Bayesian Naive Bayes for Classification with the Dirichlet Distribution

July 14, 2014

(This article was first published on Shifting sands, and kindly contributed to R-bloggers)

I have a classification task and was reading up on various approaches. In the specific case where all inputs are categorical, one can use “Bayesian Naïve Bayes” using the Dirichlet distribution. 
Poking through the freely available text by Barber, I found a rather detailed discussion in chapters 9 and 10, as well as example matlab code for the book, so took it upon myself to port it to R as a learning exercise.
I was not immediately familiar with the Dirichlet distribution, but in this case it appeals to the intuitive counting approach to discrete event probabilities.
In a nutshell we use the training data to learn the posterior distribution, which turns out to be counts of how often a given event occurs, grouped by class, feature and feature state.
Prediction is a case of counting events in the test vector. The more this count differs from the per-class trained counts, the lower the probability the current candidate class is a match.
Anyway, there are three files. The first is a straightforward port of Barber’s code, but this wasn’t very R-like, and in particular only seemed to handle input features with the same number of states.
I developed my own version that expects everything to be represented as factors. It is all a bit rough and ready but appears to work and there is a test/example script up here. As a bigger test I ran it on a sample  car evaluation data set from here, the confusion matrix is as follows:
testY   acc good unacc vgood
  acc    83    3    29     0
  good   16    5     0     0
  unacc  17    0   346     0
  vgood  13    0     0     6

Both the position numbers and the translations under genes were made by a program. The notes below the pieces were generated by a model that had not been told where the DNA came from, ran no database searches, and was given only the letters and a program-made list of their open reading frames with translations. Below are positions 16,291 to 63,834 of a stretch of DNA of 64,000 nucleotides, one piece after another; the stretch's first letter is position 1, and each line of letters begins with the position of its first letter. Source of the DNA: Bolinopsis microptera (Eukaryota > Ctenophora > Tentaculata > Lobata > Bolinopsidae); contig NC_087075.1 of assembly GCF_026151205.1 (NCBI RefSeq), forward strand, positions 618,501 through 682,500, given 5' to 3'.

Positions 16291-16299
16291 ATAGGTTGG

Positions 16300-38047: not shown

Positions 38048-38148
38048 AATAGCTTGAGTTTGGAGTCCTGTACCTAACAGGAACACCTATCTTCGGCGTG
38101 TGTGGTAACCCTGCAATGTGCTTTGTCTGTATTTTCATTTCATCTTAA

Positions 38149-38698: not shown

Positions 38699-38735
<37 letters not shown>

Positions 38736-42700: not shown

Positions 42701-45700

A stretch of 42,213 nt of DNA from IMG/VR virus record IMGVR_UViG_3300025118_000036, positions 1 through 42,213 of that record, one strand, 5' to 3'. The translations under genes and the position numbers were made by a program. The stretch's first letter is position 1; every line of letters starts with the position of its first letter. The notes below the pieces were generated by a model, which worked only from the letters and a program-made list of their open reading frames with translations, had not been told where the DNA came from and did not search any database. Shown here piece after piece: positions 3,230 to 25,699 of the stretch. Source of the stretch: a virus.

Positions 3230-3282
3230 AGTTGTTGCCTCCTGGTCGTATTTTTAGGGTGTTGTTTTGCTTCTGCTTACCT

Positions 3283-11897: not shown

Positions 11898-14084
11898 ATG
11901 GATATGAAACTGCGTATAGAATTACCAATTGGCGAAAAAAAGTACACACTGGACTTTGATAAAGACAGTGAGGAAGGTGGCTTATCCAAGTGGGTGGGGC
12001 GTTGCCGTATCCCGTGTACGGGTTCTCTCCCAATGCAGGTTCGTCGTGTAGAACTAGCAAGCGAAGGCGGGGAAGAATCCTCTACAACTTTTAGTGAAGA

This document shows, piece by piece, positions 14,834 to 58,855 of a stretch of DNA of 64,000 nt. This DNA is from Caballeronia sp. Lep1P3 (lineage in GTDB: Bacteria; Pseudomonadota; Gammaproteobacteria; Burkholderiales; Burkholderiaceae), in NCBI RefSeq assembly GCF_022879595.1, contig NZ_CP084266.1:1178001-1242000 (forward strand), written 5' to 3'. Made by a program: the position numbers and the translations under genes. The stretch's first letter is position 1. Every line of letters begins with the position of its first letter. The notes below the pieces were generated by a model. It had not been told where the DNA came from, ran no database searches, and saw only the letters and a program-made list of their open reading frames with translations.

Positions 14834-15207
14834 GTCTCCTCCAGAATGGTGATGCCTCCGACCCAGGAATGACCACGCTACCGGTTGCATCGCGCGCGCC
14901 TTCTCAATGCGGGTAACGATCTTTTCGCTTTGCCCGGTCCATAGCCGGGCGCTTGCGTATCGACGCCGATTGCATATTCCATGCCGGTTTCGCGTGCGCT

That’s it for now. Comments/feedback appreciated. You can find me on twitter here

Links to files:
Everything in one directory (with data) here

To leave a comment for the author, please follow the link and comment on their blog: Shifting sands. offers daily e-mail updates about R news and tutorials on topics such as: Data science, Big Data, R jobs, visualization (ggplot2, Boxplots, maps, animation), programming (RStudio, Sweave, LaTeX, SQL, Eclipse, git, hadoop, Web Scraping) statistics (regression, PCA, time series, trading) and more...

If you got this far, why not subscribe for updates from the site? Choose your flavor: e-mail, twitter, RSS, or facebook...

Comments are closed.


Mango solutions

RStudio homepage

Zero Inflated Models and Generalized Linear Mixed Models with R

Dommino data lab

Quantide: statistical consulting and training



CRC R books series

Six Sigma Online Training

Contact us if you wish to help support R-bloggers, and place your banner here.

Never miss an update!
Subscribe to R-bloggers to receive
e-mails with the latest R posts.
(You will not see this message again.)

Click here to close (This popup will not appear again)